It is a film about fibromyalgia – a long overdue treatment of this terrible pain syndrome.
The film is called (appropriately) Invisible: The Film
Desperate to help his mother fight her symptoms, filmmaker Nick Demos (and Tony Award winning producer) meets a young athlete, a human rights advocate, a migrant on disability, and a woman whose life is cut too short – all in different stages of Fibromyalgia.
The film–which is set to be released in 2017–traces how Fibromyalgia affects their careers, dreams, and relationships. It also exposes their fight with insurance and drug companies for proper treatment and how their access to holistic health and education is determined by class and money. Will Nick be able to find answers, or is his mother already a best case scenario in a broken healthcare system?
Sami Jankins is a co-producer of the film, which is moving into post-production.
“We asked every person interviewed for this film, “What is Fibromyalgia?” The answer is never consistent, and for those who don’t have it there is a lack of urgency to find the answer,” she said.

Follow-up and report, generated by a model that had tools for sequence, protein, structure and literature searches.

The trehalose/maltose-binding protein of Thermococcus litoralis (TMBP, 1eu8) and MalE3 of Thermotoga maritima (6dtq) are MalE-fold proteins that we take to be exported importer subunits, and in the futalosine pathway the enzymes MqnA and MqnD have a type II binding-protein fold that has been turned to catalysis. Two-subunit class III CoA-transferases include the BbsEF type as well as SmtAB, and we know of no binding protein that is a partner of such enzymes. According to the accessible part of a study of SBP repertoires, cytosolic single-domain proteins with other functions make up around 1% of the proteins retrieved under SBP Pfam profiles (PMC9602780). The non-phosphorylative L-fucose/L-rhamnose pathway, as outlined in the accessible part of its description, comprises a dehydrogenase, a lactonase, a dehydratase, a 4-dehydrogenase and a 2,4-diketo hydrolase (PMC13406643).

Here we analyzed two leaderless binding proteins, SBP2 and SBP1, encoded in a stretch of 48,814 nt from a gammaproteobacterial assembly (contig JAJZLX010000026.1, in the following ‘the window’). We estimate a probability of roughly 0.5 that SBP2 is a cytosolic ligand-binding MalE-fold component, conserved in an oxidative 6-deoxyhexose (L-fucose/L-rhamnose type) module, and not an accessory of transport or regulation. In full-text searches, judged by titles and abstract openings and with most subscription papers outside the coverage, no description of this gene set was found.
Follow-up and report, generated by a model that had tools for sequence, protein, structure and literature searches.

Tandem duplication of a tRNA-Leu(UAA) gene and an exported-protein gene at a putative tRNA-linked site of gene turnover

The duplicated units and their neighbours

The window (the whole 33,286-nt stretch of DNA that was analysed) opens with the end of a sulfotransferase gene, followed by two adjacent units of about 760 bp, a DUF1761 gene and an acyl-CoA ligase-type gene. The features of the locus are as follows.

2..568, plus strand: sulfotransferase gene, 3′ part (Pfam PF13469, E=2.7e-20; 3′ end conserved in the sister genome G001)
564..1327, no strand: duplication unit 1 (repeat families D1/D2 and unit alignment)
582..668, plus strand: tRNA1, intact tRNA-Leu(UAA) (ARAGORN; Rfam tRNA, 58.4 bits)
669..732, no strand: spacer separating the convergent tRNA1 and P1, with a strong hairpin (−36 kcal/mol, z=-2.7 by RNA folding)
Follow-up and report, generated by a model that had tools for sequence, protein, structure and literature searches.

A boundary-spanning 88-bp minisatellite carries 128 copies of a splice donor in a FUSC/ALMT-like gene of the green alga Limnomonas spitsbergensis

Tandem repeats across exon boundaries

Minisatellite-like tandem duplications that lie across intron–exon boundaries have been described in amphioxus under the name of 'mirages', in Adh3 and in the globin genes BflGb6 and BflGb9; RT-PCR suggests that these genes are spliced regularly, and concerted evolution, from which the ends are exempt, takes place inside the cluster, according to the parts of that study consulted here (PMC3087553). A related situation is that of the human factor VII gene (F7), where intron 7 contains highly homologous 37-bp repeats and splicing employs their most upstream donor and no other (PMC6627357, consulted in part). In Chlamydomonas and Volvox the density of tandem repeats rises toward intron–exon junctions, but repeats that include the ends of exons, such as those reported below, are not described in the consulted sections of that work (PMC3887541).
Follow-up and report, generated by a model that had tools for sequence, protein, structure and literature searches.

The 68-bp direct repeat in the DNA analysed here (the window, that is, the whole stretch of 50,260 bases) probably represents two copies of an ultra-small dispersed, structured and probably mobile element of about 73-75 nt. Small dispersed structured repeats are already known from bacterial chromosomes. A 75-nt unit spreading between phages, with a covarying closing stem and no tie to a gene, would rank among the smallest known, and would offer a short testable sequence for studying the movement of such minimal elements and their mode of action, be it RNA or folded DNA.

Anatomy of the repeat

“Why is there no urgency?” she asked.
“The illnesses that no one sees, even more so, illnesses that could potentially trigger or be triggered by all of these other conditions that are indeed fatal. Fibromyalgia has yet to have the limelight because it doesn’t kill you, in the technical sense. But those in the Fibromyalgia community will tell you how deteriorating this syndrome can be if they don’t receive the empathy, the lifestyle education, and the community support that all of their fatal counterparts already get. It continues to be a controversial topic, though millions prove the illness is real and rampant.”
The film, which is moving into post-production has been underwritten by donations. If you’d like to make a tax-deductible donation, you can do so by clicking here.
With Invisible being completely donation-funded, the team hopes that the film will spark enough interest to become a docuseries where we can continue to highlight invisible illnesses that are also stigmatized, lacking notoriety, or completely misunderstood.
When the film is completed, the producers will enter in a number of film festivals next year.